Supporting women in crisis

We are honoured to work in partnership with women-led Global Feminist organisations working on the frontline in their communities. Together we empower women and girls and provide sanctuary and vital support when they are in crisis. We have a shared mission to provide economic empowerment and to end violence for women & girls. Our holistic approach includes allyship, lending our voice and our sisterhood, funding, amplifying the voices of women, advocating for their rights and creating spaces which foster collaboration and celebrate the collective power of women.


As the Taliban took over in Afghanistan in the summer of 2021, devastating reports showed women being sent home from their jobs, forced to leave university and education at gunpoint. Overnight we set up an emergency appeal and members and supporters donated over £20,000 in just two weeks.

In partnership with organisations such as Women for Afghan Women the funds and support helped many women flee the country, helped provide safe houses for women under threat, and helped settle refugees in new countries.

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When the biggest global health emergency in our lifetime hit, Circle members and supporters came together to respond to the growing crisis for women and girls across the world. We gathered, raised funds, spread the word and we were able to support over 5,000 women and girls in the UK and global south in 2020, through our COVID-19 Women & Girls Solidarity Fund. Together we raised £120,000 which provided emergency support to garment workers facing poverty in Bangladesh, women in lockdown with abusive partners in Glasgow, young girls at risk of sex trafficking and abuse in Uganda, and more.

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603 million women live in countries where domestic violence is not considered a crime.


Since 2008, The Circle has worked with grassroots organisations to support women and girls worldwide. Gender discrimination can affect any aspect of a woman’s life, which is why we have worked on a broad range of issues: education, economic and political empowerment, services to women and girls affected by HIV/AIDS, and more. Here are a few of them.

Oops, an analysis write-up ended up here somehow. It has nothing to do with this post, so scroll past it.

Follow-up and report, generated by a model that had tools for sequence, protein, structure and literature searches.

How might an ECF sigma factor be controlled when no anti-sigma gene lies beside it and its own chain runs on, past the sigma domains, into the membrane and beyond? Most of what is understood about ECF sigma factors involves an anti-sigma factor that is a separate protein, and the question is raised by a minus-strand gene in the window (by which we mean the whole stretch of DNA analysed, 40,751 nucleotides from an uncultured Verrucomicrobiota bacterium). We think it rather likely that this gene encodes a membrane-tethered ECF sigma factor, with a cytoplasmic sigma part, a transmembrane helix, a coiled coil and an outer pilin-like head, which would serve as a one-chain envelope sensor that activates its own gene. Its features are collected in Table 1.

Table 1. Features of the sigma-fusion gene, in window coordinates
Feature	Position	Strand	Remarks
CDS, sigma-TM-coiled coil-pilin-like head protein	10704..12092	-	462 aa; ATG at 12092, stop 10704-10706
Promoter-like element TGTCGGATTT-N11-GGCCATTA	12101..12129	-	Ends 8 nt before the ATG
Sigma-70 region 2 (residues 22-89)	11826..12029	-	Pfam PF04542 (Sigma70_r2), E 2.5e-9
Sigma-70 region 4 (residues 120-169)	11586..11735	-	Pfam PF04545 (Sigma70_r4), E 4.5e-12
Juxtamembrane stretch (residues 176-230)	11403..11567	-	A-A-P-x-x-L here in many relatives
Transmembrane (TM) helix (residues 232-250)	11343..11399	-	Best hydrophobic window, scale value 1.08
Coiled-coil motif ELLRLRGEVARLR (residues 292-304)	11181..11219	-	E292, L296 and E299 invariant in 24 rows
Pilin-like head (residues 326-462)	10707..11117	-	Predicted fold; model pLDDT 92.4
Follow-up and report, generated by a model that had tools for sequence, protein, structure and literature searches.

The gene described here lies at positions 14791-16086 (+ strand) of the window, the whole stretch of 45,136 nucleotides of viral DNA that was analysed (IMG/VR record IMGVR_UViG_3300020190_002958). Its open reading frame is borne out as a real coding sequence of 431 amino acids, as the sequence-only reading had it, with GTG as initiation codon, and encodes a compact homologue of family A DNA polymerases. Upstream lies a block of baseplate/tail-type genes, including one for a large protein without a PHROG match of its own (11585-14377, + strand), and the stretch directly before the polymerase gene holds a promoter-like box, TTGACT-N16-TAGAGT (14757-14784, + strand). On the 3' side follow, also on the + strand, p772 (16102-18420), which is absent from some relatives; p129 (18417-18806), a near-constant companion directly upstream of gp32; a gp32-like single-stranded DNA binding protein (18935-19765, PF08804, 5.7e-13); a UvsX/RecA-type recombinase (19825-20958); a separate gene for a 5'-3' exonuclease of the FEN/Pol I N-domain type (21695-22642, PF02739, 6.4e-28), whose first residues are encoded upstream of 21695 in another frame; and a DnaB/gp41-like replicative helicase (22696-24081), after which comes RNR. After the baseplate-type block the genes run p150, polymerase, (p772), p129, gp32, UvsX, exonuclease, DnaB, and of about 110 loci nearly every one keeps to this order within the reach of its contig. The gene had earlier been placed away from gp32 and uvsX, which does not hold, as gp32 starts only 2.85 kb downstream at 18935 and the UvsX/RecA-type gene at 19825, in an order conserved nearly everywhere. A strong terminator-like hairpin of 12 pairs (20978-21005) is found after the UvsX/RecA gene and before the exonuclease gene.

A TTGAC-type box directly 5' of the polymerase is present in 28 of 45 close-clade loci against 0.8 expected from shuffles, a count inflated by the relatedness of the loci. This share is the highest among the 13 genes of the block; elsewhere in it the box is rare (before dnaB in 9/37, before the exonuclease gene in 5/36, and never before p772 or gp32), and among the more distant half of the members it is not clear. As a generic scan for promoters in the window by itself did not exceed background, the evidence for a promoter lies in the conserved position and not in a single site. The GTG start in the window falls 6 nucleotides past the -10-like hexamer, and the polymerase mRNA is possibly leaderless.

Maternal Health Rights

The Lawyers Circle assisted the Tanzanian government in ratifying international conventions on maternal health rights and introducing these conventions into the national institutions and legal system by co-ordinating the provision of over £150,000 of legal advice, analysis, negotiation and coordination, plus providing accessible materials explaining maternal health rights to Tanzanian citizens.

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The Glasgow and Clyde Rape Crisis

Funding to The Glasgow and Clyde Rape Crisis brought vital help to women and girls experiencing rape, sexual assault and/or sexual violence with free and confidential advice and counselling. During the pandemic our funding enabled them to set up their first text support service to give women in lockdown urgent help.

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Supporting Girls in Uganda

With our partner project, Irise we supported over 2,000 girls at risk of falling out of school in Uganda with a menstrual hygiene education toolkit. During the pandemic our support pivoted to ensure young girls could continue in education and access emergency support.

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Fighting the HIV/AIDS pandemic

In South Africa, due to widespread sexual abuse, women are especially prevalence of the HIV virus among women is nearly twice as high as men. In partnership with Oxfam we brought funds to provide health services for women living with HIV/AIDS and raised awareness about how violence against women has devastating consequences.

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Supporting survivors of human trafficking 

With funding from The Circle, ACT Alberta supported victims of trafficking through their Support Services and Victim Assistance Fund. Their case workers provided support, information and referral services to help victims and their families.

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Planting Hope in Sri Lanka 

This powerful project empowered women to improve their income and to tackle gender inequalities. It provided equipment and training to help women take control of their business enterprises, for example turning their surplus rice crop into flour, rice cakes and noodles to sell at local markets.

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